The Indian Grains seem to have a way of making news!!! If the Basmati saga hogged headlines in the last decade, it is the turn now of the Palakkad Matta and Navara rice from Kerala
Two endemic varieties of Palakkad variety, the Matta and the Navara rice that were awarded the G.I tag seem to be drawing media attention, albeit on a note that strikes a different chord.
Presenting a counterfactual to the ongoing G.I trend, this case study plays the devils advocate to the now popular “glory be to the G.I movement” tune that is fast acquiring an almost rhetoric lilt.
As reported in the Livemint a few weeks back, the Palakkad Paddy community admits ruefully to the non-effect of a G.I tag on the produce and quite to the contrary reports on dwindling production lines.
Both the Matta and the Navara are popular varieties with the Keralite expat population and therefore command a significant export potential. The Navara is popularly hailed for it medicinal value in the Ayurvedic system.
It’s 15 months since India got its first patent(hic!) for rice—for Kerala’s Palakkadan matta and the medicinal navara. The farmers can’t tell the difference. But M.A. Majeed, a matta farmer for the past 35 years, doesn’t even know that the rice he grows on his 3.5 acres at Vadakkencherry in Palakkad district, a rice hub, now has a premium tag. He barely earns enough and struggles to find labor for sowing and harvesting.
Worse, there is little awareness about the GI status and its benefits.” It wasn’t what the farmers—at least those who had campaigned for the status had hoped for.
Quite disappointing given the fact that the Palakkad Matta Farmers Co-operative ran a 3 year ardent campaign to earn the G.I tag. Posthumously on a weary note they conclude that a mere G.I award does little to improve the commercial worth of the produce.
Welfare dimension notwithstanding, economic benefit and commercial accruals to the producer/manufacturer lies at very the heart of the G.I ideology
Unlike in the case of other genre of IPRs, the holders of G.I more often than not come from economically underprivileged sections of the society with G.I products bearing rural origins.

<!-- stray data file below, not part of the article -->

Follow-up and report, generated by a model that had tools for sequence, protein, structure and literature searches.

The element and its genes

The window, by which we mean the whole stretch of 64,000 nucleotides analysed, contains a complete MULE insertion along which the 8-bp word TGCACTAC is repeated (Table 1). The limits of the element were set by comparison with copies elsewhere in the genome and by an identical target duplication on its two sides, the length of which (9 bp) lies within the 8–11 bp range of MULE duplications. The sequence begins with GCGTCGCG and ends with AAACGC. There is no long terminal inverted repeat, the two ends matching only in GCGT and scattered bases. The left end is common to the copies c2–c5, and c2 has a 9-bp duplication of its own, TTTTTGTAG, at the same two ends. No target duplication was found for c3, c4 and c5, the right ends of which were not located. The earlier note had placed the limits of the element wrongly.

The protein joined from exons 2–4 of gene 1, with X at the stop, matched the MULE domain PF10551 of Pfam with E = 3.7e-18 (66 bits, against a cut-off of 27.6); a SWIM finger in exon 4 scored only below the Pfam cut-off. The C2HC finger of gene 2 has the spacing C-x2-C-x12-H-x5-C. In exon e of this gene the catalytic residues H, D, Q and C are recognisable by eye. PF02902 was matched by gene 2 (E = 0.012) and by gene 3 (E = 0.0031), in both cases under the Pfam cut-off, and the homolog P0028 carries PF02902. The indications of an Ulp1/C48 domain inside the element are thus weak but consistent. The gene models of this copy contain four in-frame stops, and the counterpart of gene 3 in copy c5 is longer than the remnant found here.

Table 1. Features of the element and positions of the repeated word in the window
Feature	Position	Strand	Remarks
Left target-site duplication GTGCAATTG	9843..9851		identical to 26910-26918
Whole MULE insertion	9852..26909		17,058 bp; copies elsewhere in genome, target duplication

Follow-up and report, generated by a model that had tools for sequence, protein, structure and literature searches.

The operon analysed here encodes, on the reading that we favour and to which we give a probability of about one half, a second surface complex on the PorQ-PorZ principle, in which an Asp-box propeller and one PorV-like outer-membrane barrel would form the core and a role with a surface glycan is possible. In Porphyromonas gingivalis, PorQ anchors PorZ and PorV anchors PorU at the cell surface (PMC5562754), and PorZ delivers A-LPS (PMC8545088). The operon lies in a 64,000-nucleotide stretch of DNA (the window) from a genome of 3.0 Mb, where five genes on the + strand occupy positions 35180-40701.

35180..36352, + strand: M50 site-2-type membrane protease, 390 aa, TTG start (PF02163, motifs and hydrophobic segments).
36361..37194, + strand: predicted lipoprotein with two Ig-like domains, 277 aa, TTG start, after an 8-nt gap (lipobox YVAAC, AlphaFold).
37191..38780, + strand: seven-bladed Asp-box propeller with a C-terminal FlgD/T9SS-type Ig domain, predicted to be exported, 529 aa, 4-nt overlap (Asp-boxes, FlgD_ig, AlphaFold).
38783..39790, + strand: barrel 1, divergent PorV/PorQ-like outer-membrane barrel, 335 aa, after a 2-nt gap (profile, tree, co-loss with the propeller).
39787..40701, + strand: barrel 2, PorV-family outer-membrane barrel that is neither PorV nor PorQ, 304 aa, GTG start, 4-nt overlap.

Given that, it becomes increasingly important that the G.Is are applied in manner that makes commercial sense and accords equity to the G.I owners.
Observers of G.I will agree that we are past the G.I adolescent stage. With the onset of an adult awareness, the reality is that commercial accruals from G.I are not an automatic sequentially occurring outcome.
The path to commercial gains may have been a tad easier for the bestseller G.Is such as the Darjeeling, Pochampalli etc who already have attained a certain degree of visibility in the markets. In sharp contrast, it calls for examination of the number of G.I s that has seen no tangible benefit at all post a G.I registration. My guess is that the odds far outnumber the evens…and that’s just not broad conjecture.
A G.I tag, without adequate follow up and initiatives on the marketing, branding, awareness building direction would possibly render such registrations superfluous. The G.I is an effective marketing tool, one that can be effectively leveraged to bolster the popularity of the product subject to the fact that the ancillary brand building activities are undertaken with equal amount of vigor. Awareness campaigns, advertisement, adherence to supply chain integrity guidelines all account for a successful G.I that is fully realized in spirit and intent. Case studies from popular G.I models such as the Kota Doria and Pochamplli indicate a multi stake holder participation in the promotion of the product.
All of these factors seem to be sadly absent in the case of the Palakkad paddy varieties. The causative factors for the non –take off can quite clearly be attributed to a cumulative bunch of factors, pointing towards non-branding and the associated ones. The government has only been able to step in marginally to bail out the farmers by procuring the grain from the producers at a base rate, quite clearly insufficient to allow the producers to maintain production cost. The existing farmers are in a quandary and all willing to migrate to producing other cash rich crops. The Export ban affected by the government has done little to bail the farmers out of their plight.
Even as I analyze this case study, I am quite unwilling to write this off as a debacle or call it a post mortem on a ‘another one bites the death case’.
Minister Achuthandan may well take pride in the fact that it is yet another effort of the state government to protect farmers from the evils of globalization.Granted that, the deeper sense of purpose would be to tend to the grass root concerns that ails these producers and take it onwards to a path that charts for it a course which will carry it from the G.I tag to beyond.
We at SpicyIP take pride in lending viewpoints that help grow an objective well rounded debate. The Palakkad post is aimed thus, to project both sides of the picture and enhance the effectiveness of the ongoing G.I momentum.